Last week, I decided to start participating in a weekly writing prompt group. I enjoy playing with writing prompts to reconnect with the lighter side of a writing life (where I write things just because it's fun).
Fellow author Andy Brokaw offers a writing prompt each week for her "Wording Wednesday," so called because the prompts are released each
Wednesday. You can check it out and participate here if it catches your fancy, too.
This week's picture prompt comes from artist Vladimir Volegov and is titled "Sunny Breakfast."
Here's my take:
Genevieve had long fantasized about a moment like this one, surrounded by luxury with time on her hands. She'd had often imagined what it would be like, and, for once, the difference between her imagined version and real life did not disappoint. She didn't care what society had to say about how she'd arrived in this seat. It was hers now.
She leaned into her hand and let her gaze wander the landscape outside her sunlit window, the orchestrated greenery and placid lake glistening with the first brightening of the sky. She had always loved the gardens and walkways of the house, but looking out at all the finery and realizing it was her own made it shine all the brighter in her eyes.
Steam drifted from her cup, warming her forearm. The hand resting against her cheek was already softening. The callouses that had thickened on her palms from years of laundress work were still rough, but there was a spongy feeling to them, less like pumice stones and more like flesh was meant to feel. They'd never be smooth and unlined like a real lady's, but they were softer than she could ever remember them being after a few weeks away from lye, bleach, and hot water.
She'd begun her life "in service" when she'd been barely ten. Her mother had gone straight from the orphanage into the kitchen herself, and since she had refused to reveal who had gotten the child on her no one knew who to call to take care of little Genevieve when her mother was killed by a kitchen fire.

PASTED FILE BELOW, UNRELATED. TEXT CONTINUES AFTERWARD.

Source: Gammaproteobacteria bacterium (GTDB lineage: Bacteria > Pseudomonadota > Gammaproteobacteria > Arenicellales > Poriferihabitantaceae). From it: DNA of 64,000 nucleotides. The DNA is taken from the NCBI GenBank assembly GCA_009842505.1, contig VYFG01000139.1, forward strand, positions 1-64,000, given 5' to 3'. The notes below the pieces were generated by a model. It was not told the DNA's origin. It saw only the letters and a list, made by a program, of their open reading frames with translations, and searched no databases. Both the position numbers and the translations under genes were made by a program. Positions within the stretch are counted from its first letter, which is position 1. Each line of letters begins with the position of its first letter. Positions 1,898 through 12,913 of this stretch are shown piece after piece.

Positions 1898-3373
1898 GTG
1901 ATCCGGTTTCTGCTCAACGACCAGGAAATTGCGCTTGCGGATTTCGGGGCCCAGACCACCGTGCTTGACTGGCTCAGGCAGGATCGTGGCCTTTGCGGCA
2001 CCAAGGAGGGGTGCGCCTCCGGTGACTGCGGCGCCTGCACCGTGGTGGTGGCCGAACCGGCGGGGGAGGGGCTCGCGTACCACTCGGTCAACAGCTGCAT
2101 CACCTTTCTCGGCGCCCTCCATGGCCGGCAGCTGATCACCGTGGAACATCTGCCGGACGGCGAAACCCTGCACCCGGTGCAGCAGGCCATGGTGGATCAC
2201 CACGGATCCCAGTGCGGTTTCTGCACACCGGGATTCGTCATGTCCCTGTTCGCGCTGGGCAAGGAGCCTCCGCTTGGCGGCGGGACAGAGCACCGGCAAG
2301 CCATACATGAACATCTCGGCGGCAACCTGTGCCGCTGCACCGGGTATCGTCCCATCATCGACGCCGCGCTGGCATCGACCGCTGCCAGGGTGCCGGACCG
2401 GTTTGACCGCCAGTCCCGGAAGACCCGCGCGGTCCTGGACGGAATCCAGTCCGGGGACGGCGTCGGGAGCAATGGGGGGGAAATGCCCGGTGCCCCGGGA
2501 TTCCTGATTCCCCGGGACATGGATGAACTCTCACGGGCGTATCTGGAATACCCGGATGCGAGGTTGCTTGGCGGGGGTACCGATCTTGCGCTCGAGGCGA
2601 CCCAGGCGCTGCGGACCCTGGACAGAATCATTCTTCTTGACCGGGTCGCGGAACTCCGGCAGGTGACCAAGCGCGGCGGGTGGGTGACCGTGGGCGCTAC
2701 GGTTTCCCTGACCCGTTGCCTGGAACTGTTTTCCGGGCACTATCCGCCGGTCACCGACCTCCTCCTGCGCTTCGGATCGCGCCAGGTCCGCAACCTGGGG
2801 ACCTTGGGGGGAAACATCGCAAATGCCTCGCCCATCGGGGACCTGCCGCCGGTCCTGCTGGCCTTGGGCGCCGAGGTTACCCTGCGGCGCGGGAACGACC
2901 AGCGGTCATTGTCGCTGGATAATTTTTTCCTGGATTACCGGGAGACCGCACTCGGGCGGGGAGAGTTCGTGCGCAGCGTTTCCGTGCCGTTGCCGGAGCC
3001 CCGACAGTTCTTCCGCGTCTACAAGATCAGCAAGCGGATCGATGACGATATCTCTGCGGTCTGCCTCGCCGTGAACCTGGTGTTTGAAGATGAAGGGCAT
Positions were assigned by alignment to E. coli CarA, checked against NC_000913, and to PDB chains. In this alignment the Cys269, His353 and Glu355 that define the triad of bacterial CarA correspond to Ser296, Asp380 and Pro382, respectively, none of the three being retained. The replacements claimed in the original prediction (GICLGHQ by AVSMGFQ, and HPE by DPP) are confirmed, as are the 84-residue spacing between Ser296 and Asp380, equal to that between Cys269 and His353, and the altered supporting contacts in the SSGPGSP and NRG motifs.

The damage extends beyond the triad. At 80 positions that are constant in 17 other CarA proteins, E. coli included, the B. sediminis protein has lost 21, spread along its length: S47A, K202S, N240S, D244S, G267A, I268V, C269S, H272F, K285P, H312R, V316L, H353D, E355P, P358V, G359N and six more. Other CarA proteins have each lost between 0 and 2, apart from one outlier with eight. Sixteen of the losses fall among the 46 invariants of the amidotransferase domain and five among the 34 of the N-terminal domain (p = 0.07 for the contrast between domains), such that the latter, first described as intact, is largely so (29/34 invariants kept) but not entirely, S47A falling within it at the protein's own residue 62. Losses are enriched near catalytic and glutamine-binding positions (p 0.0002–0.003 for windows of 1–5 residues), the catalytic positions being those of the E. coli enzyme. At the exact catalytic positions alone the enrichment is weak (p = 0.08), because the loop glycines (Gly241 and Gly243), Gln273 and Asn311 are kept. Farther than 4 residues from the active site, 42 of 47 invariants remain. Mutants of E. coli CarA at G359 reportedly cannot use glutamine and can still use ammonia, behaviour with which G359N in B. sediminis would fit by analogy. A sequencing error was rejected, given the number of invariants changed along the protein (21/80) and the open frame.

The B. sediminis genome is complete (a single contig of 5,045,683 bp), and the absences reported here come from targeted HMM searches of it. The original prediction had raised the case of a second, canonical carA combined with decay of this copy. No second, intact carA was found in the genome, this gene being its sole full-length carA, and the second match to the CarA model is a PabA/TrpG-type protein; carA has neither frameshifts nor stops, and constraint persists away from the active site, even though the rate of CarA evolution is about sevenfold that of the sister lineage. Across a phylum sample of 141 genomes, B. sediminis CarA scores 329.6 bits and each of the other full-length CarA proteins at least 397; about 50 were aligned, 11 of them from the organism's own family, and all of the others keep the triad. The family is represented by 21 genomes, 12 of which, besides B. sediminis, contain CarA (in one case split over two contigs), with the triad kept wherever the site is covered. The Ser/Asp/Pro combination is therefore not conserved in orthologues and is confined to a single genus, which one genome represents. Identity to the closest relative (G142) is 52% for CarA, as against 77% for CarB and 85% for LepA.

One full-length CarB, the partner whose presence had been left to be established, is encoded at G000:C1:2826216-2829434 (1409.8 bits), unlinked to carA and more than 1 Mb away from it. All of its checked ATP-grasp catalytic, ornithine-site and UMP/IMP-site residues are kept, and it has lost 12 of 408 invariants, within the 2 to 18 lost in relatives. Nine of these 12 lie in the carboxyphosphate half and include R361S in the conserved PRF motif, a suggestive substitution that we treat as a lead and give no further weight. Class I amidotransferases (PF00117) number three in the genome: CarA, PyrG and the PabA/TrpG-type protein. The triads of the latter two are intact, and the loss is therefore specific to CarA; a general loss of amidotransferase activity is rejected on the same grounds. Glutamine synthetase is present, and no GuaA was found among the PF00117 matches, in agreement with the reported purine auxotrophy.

The Old Master felt sorry for her, so had kept her alongside Alexander and Abigail, his own children, taught by the same governesses until she was deemed old enough to work.
"Old enough" came abruptly one Sunday afternoon, after the lady of the house caught Alexander and Genevieve playing "wedding" in the garden. Genevieve didn't understand what the problem was then, but smiled to herself now, realizing that Alexander's mother's fears about what kind of "association" her son might make had proven all too real.
So, Genevieve who had been yanked from the servants quarters to the nursery, was flung back down the back stairs into the resentful arms of the other servants and into a long, pocketed apron over an itchy black dress.
Nothing like the silken blouse she now wore, purchased in Paris along with all her other clothes, as part of her honeymoon.
A slight squeak alerted Genevieve to the opening of the door into the morning room. Alexander came in, fumbling with the cuffs of his shirt. Genevieve rang the silver bell on her tray and hurried to her husband's side, deftly fitting his shirt cuffs into his jacket. He was hopeless with buttons and ties. Smoothing his lapels with her softened hands, she smiled up at him and leaned up on her toes to give him a kiss just where his ear met his cheek.
Alexander colored, pleased and embarrassed. He took her hand and walked with her to the window, both of them standing and watching the sun finish its climb into the heavens and politely ignoring the busy sounds of the breakfast being laid behind them. Genevieve leaned her cheek against her husband and he curled his arm across her shoulders. "Happy, darling?" he asked.
"Oh yes," she whispered. "It's a dream come true."